A Absolutely, yes. In fact, this is a great way for robots to help provide companionship while still letting people feel like they are in control of their lives -- often when you give the elderly a full-time caregiver, they feel like they are losing autonomy, and so a robot can act like a very good companion. Singing and playing games should be no problem for a robot. Playing games will especially benefit from advances in computer vision that are taking place every day now. I expect card-playing robots are just around the corner now.

Here at Carnegie Mellon's Robotics Institute, there is even a project called NurseBot in which Sebastian Thrun and his colleagues are designing just this -- a tall, moving, entertaining robot that can keep someone company in their own home. You can learn more about this project by going to the web page: http://www.cs.cmu.edu/~nursebot.



q What robot is the most advanced "feeling-wise" that is either being built now or has already been built? (Question sent by Jewelgrl)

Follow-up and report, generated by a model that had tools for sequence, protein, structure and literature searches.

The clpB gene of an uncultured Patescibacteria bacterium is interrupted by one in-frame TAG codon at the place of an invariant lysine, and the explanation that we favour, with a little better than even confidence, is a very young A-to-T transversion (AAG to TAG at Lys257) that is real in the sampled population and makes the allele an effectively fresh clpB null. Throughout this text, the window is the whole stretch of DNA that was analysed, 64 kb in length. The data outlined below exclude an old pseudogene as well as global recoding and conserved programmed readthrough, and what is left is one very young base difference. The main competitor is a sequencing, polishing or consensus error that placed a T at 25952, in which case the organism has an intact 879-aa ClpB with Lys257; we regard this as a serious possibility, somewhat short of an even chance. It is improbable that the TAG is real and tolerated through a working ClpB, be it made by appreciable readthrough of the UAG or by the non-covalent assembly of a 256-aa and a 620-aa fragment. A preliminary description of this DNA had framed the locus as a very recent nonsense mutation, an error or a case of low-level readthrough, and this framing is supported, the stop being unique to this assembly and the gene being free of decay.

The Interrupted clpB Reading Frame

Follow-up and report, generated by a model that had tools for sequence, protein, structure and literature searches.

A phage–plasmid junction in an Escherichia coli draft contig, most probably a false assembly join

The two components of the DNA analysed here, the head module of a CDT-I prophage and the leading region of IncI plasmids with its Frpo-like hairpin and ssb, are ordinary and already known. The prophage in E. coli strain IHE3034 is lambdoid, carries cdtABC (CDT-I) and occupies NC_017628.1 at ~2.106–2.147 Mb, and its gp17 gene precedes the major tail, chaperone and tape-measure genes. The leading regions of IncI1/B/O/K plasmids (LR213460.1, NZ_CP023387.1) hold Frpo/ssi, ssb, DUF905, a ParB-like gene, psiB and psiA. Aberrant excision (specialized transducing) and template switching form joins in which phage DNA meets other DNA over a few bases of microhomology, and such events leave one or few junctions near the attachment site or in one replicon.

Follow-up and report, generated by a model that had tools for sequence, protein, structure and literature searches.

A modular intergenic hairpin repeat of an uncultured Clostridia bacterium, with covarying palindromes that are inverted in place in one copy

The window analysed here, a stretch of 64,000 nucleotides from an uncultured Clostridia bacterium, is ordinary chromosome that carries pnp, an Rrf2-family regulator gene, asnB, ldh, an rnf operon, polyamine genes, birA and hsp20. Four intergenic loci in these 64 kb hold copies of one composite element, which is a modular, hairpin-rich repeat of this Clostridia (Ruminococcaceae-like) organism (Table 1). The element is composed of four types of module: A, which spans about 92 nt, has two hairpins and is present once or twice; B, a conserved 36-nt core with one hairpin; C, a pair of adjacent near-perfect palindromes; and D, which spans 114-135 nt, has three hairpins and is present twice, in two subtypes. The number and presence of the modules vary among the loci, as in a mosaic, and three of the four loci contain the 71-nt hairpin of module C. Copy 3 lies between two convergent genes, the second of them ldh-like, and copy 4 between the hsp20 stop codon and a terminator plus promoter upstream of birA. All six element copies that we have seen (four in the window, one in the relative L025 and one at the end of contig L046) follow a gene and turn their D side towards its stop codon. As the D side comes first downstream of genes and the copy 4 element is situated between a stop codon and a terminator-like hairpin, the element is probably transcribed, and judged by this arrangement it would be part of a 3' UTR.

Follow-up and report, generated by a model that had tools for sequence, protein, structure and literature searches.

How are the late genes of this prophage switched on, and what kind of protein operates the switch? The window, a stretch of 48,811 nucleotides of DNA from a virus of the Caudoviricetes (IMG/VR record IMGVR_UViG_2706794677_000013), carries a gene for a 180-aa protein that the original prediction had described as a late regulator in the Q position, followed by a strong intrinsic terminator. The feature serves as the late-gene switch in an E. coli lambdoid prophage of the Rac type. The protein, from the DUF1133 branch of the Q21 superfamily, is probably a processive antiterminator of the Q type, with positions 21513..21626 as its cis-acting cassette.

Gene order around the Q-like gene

A That is a difficult question to answer. We have two robots that can do comedy improvisation -- so they are very spontaneous and susceptible to reacting emotionally to each other's behavior. Chips is certainly very emotional in the sense that it actively tracks its feelings. Kismet at MIT is also quite emotional. But, you know, in the grand scheme of things, none of the robots that exist today are very advanced in terms of "feelings," even compared to a four-year-old child. So, I would say robotics has a long way to go until we can truly say that our robots have feelings!